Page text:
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Ron Rash's short stories stir the mind to, and renew my perception of, the lower classes in the South, their mindset and ills, like no other writer has. Anais Nin said, "What we are familiar with we cease to see. The writer shakes up the familiar scene, and, as if by magic, we see a new meaning in it."
Ron Rash is a magician then. He's a wizard who, without resorting to stereotypes, writes honestly, and for the most part realistically, about depressing subjects while maintaining, perhaps unintentionally, an optimistic air, or Hope. In a short story, he connects you to the character(s) in a way that's rare. One that struck me particularly hard was "The Ascent" in his collection, "Burning Bright: Stories," about a typical 5th grader whose parents are meth-head scavengers from whom he wishes to fly away.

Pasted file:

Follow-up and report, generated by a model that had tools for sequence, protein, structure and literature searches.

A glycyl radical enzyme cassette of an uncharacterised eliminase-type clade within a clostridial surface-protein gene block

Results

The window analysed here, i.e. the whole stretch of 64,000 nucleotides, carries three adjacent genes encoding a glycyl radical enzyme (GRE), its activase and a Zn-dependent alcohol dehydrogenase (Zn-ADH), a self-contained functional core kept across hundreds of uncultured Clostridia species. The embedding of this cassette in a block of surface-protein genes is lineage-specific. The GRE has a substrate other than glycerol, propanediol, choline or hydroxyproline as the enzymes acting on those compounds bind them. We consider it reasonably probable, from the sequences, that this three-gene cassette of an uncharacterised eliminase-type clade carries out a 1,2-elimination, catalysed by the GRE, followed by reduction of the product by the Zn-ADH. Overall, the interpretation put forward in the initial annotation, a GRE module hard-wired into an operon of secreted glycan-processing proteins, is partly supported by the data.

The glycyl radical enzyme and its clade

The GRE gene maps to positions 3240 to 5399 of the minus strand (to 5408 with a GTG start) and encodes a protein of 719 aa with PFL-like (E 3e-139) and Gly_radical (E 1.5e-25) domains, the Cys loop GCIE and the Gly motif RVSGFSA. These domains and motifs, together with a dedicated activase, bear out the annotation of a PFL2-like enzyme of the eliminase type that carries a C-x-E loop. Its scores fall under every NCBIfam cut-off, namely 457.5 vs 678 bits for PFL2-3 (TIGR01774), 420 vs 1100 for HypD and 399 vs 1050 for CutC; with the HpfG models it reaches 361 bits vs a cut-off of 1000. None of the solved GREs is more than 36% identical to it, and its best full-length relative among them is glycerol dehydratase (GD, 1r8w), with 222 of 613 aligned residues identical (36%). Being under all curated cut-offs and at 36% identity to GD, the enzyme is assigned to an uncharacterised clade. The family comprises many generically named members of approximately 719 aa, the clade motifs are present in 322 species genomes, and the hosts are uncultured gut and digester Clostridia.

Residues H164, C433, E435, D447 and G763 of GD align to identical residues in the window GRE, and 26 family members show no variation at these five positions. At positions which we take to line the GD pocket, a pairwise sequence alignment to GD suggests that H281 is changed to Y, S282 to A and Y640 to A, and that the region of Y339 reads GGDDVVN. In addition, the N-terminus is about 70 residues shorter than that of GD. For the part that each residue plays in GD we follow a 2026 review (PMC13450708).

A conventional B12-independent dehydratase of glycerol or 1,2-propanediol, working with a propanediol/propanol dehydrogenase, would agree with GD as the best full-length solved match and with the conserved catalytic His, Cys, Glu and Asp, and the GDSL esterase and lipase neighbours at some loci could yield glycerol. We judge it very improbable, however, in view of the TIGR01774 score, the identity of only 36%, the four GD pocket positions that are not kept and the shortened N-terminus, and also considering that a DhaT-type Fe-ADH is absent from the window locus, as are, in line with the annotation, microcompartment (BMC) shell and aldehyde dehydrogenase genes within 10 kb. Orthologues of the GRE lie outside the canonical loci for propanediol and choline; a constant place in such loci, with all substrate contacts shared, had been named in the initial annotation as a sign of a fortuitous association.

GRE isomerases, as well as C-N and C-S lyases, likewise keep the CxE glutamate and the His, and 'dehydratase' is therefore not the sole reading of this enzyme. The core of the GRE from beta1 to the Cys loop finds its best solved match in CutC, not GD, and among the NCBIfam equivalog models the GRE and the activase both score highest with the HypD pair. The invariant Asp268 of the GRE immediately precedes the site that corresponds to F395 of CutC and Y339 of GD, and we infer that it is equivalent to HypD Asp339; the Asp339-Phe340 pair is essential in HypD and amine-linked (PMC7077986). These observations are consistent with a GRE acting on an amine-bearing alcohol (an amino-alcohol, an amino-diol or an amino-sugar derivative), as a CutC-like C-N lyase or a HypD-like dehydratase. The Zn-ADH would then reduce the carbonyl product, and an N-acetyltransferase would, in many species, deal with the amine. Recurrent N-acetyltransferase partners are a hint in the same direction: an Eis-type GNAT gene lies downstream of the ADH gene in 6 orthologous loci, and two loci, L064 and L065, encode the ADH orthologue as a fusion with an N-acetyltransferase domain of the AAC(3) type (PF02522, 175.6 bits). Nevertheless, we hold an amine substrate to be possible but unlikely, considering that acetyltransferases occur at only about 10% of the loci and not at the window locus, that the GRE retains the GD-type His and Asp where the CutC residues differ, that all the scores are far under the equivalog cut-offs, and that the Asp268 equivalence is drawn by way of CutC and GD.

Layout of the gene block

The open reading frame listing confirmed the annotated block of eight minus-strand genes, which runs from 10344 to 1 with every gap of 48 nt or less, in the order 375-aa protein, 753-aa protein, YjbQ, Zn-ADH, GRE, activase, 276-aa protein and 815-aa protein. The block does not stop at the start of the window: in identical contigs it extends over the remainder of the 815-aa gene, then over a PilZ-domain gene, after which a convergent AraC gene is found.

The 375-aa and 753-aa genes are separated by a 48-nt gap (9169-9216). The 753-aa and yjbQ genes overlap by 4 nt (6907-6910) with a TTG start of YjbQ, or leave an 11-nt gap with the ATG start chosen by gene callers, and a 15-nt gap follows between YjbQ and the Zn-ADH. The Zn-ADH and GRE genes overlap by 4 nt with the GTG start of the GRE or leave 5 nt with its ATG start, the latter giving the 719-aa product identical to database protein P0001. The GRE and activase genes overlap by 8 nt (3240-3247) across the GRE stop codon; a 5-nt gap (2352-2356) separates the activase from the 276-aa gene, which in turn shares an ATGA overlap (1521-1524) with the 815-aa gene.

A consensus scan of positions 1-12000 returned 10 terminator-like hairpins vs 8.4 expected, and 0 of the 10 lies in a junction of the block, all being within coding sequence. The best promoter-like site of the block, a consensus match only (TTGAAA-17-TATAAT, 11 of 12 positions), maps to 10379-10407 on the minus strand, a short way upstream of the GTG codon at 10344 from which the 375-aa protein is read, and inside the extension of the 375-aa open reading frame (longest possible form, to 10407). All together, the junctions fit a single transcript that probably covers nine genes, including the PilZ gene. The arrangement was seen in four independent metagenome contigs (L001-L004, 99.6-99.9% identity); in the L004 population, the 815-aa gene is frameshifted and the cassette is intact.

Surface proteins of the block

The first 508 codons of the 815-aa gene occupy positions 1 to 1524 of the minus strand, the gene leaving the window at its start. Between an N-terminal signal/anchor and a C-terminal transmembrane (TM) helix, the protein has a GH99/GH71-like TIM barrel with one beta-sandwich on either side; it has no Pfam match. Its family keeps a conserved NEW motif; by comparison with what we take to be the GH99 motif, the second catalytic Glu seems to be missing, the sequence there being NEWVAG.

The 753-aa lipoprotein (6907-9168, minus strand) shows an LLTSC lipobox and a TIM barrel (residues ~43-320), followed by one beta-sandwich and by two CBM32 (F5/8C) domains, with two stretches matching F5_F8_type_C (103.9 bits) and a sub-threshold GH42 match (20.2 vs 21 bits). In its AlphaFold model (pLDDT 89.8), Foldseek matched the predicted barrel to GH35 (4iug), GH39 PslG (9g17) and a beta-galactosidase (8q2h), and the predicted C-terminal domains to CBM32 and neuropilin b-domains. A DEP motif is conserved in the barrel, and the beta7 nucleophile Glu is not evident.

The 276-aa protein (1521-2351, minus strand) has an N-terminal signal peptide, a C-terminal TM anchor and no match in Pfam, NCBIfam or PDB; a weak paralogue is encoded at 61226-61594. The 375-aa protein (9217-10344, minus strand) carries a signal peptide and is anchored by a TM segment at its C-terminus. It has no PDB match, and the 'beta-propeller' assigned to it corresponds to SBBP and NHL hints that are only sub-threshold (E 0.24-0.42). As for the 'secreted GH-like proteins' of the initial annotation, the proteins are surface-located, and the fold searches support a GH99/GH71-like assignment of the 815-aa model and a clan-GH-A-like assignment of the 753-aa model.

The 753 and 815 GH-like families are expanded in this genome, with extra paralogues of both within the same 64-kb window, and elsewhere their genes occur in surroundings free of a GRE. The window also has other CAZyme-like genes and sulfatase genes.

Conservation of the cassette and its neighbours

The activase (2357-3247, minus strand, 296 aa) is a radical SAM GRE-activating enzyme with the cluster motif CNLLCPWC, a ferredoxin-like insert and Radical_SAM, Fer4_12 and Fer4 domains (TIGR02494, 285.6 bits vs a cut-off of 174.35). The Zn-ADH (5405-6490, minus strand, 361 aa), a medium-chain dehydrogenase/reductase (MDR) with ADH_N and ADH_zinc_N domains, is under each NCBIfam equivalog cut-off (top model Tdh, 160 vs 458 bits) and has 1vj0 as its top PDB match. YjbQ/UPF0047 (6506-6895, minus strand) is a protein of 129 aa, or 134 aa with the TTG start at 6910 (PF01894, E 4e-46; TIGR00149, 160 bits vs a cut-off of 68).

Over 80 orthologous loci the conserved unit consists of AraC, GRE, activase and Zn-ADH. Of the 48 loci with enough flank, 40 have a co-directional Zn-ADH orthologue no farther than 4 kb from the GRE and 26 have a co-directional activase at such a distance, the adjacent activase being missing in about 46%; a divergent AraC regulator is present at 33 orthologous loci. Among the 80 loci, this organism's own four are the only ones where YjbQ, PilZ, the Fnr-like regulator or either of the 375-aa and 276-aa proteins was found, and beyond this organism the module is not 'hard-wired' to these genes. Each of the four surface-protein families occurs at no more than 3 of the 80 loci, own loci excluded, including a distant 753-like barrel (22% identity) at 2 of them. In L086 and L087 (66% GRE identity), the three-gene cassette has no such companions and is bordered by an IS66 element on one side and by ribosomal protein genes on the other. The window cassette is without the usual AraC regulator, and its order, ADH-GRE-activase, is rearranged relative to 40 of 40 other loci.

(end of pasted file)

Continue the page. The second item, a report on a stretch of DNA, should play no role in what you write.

I purchased "Nothing Gold Can Stay" after reading reviews for this and prior books by Ron Rash. Since I've read this, I've bought and read his other short story books (the ibooks) "Burning Bright: Stories" and "Chemistry and Other Stories." I have enjoyed nearly every story in each volume, even the ones that seem to me somewhat far-fetched like "A Sort of Miracle," with Baroque and Marlboro, in "Nothing Gold..." I get a rush as I start each new story and find nearly every one of them provocative of folks and places and what-nots I've known growing up in the Deep South. For short story collections, you can't beat that. I highly recommend this and the other 2 mentioned above.